“Are we on track for retirement?” The ever-popular Retirement Spitball Analysis is all based on that simple question. Joe and Big Al spitball retirement for listeners planning to retire in just a few years, wondering if they should save to pre-tax or post-tax accounts, and strategizing around long-term capital gains, dividends, and Roth conversions.
Joe & Big Al talk strategy for converting to Roth and paying tax from the IRA when you have limited funds, eliminating required minimum distributions (RMD) on a Roth 457 and avoiding the 5-year Roth clock, and Roth TSP strategies. Plus, the fellas spitball pension options, retiring early, and an intricate – and potentially risky – deferred compensation strategy.
Does it make sense to do larger “Calvin Johnson” (Megatron, aka mega backdoor) Roth conversions when the financial markets are way down? Should you convert to Roth now, or in retirement? How do you spitball the right amount to have in 529 plans for education savings? And are the rules for doing a backdoor Roth the same if you’re married filing separately?
Should those in the 35% tax bracket contribute to traditional 401(k) or Roth 401(k)? Should a self-employed cryptocurrency investor do Roth conversions or tax gain harvesting? Also, a retirement spitball for a couple, age 35, wanting to retire with $5M at age 60. Plus, do the SECURE Act rules for required minimum distributions (RMDs) apply when inheriting an inherited IRA? Finally, comments on some of the proposals in the latest version of the Build Back Better Act, which is currently being considered by the Senate.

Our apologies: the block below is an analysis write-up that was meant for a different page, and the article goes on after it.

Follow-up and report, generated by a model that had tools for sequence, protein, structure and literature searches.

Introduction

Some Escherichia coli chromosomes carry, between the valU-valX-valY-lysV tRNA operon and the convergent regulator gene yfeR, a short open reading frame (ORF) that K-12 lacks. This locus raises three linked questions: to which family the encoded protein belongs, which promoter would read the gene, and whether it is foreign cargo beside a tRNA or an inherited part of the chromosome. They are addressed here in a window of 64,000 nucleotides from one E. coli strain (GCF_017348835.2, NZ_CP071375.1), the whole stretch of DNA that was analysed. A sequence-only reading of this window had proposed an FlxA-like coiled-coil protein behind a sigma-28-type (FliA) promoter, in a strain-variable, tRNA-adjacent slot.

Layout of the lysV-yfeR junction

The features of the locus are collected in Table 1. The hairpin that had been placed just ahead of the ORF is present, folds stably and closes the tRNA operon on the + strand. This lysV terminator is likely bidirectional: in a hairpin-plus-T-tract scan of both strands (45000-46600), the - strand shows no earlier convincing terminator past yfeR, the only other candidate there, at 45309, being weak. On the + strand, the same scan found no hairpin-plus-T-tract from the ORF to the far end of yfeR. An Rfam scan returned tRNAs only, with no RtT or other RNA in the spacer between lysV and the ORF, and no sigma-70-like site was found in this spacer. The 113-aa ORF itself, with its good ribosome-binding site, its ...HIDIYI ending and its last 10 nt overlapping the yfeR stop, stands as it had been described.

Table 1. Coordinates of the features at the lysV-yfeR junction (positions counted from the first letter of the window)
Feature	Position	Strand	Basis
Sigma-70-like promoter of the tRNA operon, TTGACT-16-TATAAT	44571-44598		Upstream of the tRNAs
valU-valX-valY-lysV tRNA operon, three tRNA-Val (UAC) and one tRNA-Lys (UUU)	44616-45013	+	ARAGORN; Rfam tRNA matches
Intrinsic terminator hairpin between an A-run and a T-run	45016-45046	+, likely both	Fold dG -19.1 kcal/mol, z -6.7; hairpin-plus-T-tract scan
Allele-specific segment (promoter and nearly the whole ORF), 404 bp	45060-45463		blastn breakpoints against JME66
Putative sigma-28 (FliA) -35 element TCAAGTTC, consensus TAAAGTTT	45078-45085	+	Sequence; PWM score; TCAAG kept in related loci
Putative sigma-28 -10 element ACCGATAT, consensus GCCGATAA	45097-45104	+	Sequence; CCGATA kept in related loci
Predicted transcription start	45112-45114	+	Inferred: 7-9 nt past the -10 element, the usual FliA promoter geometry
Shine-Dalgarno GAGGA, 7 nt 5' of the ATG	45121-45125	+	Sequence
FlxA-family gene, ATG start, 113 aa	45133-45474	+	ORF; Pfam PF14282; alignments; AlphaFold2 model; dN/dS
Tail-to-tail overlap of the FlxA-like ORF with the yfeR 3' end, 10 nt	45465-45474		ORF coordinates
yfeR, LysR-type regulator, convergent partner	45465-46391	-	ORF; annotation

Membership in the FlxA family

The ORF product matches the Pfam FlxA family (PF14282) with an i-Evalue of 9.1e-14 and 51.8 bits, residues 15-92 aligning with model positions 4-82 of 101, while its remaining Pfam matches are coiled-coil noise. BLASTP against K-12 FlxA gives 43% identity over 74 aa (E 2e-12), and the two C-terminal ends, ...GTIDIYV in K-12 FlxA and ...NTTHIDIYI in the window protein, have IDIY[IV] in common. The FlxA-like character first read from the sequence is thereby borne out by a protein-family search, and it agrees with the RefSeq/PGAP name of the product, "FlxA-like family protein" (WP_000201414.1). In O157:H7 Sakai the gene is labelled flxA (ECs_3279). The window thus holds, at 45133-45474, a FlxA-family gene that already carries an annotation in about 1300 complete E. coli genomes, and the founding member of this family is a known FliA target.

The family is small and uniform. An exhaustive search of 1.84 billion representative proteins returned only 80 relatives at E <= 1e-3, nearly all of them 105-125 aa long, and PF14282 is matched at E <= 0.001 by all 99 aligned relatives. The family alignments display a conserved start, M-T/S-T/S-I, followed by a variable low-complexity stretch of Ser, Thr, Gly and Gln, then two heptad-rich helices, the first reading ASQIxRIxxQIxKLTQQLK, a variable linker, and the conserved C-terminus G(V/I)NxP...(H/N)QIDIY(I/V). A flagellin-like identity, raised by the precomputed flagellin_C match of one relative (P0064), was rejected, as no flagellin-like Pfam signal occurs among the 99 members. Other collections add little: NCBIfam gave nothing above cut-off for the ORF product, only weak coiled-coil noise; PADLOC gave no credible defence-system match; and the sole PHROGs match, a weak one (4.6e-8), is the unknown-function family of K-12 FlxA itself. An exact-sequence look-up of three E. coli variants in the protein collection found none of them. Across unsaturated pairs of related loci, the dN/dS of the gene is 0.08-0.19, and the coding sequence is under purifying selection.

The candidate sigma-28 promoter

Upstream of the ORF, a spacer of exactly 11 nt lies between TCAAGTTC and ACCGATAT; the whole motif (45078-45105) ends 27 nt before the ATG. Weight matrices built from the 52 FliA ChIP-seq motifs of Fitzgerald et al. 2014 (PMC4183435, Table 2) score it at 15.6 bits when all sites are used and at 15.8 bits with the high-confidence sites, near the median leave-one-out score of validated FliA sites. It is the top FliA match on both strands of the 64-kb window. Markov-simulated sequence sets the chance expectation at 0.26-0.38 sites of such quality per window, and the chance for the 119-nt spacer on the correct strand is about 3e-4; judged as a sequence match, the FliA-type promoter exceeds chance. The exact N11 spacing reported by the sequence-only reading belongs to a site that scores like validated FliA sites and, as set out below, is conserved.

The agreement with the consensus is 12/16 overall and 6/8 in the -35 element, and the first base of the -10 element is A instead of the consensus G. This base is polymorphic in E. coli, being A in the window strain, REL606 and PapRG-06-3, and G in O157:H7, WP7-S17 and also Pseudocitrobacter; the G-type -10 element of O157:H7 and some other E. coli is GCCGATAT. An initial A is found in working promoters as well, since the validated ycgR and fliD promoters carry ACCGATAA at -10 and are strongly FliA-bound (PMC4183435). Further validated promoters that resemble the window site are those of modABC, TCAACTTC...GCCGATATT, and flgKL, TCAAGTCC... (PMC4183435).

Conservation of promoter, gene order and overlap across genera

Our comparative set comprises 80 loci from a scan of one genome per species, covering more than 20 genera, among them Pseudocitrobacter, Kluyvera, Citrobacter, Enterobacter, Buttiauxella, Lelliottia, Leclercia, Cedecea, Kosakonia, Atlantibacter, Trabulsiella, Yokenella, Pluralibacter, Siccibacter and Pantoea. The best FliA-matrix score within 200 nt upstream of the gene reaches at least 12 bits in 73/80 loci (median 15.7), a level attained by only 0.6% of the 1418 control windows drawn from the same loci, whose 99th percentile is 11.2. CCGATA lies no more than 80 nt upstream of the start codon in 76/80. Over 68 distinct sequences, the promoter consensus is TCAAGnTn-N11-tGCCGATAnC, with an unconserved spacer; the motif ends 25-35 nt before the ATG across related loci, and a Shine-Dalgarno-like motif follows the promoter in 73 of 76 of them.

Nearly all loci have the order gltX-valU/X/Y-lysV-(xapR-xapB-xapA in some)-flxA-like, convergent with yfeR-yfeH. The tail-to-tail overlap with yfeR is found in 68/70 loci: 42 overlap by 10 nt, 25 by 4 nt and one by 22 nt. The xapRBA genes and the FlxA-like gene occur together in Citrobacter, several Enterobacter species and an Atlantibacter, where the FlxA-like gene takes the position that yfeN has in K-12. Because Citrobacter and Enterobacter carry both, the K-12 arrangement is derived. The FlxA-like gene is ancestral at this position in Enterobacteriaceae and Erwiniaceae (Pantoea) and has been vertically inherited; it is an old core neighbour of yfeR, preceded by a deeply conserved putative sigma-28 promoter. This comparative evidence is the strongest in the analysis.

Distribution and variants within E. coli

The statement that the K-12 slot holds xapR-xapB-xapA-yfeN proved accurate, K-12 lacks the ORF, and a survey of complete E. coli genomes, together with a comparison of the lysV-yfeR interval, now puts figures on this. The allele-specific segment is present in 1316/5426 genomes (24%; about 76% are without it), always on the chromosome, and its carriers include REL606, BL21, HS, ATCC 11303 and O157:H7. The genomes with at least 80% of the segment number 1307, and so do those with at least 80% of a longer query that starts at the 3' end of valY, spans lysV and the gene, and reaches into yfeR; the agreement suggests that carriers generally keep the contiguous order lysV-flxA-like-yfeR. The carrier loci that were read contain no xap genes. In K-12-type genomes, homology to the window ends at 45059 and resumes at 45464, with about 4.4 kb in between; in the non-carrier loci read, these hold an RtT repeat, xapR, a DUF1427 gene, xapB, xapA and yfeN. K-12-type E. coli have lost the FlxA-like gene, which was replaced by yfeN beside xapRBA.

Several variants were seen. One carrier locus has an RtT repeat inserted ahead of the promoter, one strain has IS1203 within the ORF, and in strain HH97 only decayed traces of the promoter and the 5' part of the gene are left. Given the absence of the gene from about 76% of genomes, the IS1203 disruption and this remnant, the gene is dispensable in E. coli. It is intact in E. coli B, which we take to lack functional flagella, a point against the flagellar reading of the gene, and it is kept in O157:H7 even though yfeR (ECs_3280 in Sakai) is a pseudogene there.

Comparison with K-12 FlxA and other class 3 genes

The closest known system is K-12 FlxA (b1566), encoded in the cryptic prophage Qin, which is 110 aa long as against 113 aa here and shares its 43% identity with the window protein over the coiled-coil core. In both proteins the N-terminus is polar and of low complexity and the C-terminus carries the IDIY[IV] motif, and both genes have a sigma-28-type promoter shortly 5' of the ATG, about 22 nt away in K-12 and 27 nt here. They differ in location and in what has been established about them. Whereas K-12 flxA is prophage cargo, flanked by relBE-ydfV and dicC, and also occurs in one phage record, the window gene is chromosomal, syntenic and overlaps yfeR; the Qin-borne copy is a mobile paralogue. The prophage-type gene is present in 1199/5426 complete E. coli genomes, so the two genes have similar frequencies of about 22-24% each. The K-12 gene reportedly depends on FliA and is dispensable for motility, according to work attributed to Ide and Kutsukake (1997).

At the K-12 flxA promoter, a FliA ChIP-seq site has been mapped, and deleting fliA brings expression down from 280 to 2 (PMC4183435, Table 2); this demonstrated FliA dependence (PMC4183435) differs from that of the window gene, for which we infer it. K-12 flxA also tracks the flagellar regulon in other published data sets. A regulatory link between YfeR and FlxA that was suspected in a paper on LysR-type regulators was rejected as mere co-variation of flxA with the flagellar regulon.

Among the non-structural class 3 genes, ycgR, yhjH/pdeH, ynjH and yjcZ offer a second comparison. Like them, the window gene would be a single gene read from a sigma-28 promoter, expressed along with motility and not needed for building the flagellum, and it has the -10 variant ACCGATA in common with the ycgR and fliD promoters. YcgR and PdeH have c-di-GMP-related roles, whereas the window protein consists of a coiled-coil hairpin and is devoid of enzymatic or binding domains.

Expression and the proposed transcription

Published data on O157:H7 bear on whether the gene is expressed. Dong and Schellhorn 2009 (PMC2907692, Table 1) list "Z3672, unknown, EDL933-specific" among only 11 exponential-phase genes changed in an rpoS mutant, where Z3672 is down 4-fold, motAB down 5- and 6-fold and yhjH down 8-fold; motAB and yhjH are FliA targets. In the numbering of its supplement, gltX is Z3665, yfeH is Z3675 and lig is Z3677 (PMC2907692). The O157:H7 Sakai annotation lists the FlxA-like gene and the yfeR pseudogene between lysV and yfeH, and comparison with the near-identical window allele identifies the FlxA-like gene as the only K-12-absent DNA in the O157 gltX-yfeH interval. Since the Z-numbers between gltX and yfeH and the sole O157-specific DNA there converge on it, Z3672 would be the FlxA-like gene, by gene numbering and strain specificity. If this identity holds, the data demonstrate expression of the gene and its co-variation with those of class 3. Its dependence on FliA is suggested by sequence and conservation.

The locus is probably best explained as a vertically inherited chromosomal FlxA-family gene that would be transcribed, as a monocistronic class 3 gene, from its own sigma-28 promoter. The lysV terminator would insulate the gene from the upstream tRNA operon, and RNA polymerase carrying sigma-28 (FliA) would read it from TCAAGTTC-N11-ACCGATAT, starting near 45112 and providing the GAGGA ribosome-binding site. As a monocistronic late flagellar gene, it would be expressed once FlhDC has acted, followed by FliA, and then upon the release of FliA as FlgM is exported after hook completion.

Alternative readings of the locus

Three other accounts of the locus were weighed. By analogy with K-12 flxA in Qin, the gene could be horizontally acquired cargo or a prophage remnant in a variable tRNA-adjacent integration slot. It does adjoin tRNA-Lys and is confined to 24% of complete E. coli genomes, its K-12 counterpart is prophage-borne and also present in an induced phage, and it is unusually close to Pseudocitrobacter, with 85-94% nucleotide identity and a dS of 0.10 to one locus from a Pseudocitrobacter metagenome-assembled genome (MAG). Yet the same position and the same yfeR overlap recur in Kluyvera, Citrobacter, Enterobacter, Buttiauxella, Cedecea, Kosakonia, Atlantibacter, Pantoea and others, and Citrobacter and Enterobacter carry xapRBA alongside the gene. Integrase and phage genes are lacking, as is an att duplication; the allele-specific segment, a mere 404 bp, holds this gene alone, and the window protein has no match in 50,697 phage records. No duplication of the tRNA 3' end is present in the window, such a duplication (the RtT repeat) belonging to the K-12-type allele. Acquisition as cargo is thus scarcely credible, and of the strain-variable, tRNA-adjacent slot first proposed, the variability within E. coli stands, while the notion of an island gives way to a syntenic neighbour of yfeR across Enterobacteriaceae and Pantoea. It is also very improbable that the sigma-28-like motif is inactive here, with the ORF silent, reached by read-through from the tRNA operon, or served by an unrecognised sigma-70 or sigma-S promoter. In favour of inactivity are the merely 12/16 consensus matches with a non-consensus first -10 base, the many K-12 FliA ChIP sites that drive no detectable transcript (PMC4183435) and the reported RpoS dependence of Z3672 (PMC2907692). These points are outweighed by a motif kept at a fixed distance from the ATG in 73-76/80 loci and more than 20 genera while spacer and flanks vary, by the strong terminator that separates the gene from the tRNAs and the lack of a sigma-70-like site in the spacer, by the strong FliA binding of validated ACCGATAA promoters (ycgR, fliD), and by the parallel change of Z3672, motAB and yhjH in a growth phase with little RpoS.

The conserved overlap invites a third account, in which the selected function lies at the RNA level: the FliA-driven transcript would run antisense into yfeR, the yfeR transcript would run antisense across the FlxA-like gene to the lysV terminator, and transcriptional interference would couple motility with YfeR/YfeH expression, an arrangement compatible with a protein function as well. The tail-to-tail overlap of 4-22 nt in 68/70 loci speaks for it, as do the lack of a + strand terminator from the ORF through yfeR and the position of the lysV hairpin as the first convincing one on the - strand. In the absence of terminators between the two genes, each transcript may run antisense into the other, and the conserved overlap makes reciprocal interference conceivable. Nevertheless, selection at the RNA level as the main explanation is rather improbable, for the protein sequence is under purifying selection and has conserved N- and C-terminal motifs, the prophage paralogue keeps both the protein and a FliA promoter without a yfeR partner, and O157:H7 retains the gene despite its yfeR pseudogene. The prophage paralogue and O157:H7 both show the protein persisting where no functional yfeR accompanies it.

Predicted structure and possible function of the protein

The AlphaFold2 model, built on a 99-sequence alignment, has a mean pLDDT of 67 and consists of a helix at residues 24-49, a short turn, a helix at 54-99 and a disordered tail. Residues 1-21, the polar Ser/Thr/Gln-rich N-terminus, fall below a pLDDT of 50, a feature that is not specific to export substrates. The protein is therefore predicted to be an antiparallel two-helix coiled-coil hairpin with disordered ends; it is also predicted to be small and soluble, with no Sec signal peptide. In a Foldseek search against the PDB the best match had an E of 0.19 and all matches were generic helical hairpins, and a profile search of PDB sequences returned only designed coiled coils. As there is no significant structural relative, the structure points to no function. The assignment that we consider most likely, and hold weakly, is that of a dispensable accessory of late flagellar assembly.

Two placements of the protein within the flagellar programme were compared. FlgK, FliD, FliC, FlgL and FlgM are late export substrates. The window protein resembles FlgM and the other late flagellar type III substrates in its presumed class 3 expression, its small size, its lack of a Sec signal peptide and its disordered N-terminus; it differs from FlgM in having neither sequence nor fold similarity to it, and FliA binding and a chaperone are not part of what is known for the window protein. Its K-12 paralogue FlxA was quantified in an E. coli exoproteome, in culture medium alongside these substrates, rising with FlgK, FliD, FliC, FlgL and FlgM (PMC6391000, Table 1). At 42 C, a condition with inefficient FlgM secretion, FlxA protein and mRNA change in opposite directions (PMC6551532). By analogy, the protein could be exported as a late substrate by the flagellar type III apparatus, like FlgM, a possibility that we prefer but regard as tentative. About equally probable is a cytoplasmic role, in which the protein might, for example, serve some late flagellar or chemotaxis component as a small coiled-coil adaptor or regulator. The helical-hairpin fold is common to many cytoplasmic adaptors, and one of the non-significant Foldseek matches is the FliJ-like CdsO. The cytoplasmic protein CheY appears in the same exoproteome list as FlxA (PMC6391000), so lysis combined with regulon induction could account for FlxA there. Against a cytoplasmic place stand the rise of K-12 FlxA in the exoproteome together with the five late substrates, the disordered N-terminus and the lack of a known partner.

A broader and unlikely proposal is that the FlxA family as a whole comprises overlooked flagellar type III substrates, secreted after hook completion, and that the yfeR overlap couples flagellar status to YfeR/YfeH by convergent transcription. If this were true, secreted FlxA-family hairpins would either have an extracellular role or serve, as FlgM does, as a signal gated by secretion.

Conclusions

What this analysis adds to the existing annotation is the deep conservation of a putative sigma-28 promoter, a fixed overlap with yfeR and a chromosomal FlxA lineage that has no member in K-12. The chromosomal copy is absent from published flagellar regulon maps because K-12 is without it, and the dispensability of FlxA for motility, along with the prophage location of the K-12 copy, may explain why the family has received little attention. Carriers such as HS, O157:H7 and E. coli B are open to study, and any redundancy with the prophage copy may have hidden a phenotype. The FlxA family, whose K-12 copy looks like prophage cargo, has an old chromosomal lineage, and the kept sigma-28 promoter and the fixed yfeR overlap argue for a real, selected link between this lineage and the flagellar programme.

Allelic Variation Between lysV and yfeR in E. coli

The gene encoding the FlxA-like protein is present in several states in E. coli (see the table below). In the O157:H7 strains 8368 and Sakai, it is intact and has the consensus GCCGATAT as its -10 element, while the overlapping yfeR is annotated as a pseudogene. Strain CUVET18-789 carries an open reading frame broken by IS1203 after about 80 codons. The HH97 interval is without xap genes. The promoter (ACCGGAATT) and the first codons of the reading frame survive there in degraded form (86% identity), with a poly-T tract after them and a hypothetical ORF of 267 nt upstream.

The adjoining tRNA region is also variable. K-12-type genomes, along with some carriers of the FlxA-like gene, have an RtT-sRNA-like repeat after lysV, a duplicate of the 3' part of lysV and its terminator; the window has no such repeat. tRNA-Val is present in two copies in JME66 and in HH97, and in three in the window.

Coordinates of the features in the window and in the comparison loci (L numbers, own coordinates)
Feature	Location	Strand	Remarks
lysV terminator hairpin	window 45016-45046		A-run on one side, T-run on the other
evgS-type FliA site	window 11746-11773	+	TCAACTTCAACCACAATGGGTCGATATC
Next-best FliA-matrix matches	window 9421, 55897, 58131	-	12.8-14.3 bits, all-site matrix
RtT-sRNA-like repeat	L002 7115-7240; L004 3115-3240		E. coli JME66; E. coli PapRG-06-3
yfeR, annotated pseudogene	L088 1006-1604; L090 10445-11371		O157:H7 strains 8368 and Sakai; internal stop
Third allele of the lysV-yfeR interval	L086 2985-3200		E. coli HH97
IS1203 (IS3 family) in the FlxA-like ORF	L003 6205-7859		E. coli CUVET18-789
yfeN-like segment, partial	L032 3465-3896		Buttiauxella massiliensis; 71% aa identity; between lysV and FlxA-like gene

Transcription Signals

In what order you should contribute into which accounts for retirement? Joe & Big Al explain the reasoning behind the sequence of retirement savings, and where a health savings account (HSA) fits in that sequence. Following some retirement plan spitball analyses and Roth conversion strategizing, the fellas explain whether capital gains are taxed progressively, how required minimum distributions are taxed, and they revisit indexed universal life insurance.
Questions answered on retiring overseas and foreign earned income exclusion eligibility, using your tax refund thanks to the foreign earned income exclusion for a back door Roth conversion, and working abroad and contributing to a health savings account (HSA). Plus, should you contribute to Roth accounts, pre-tax accounts, or a brokerage account when nearing early retirement? Are substantially equal periodic payments (SEPP) from your retirement savings a good idea to bridge the gap between retiring early and age 59 and a half? And finally, is it ever a good time to time the market?
You’ve had enough of the 9 to 5 and are ready to punch early. Are you financially prepared for a long and early retirement? Joe and Big Al provide a spitball analysis. And of course, the ever-popular Roth IRA conversions: how much to convert to Roth, when and how to pay the tax on a Roth conversion, and why not pay Roth conversion taxes out of the retirement account you’re converting from?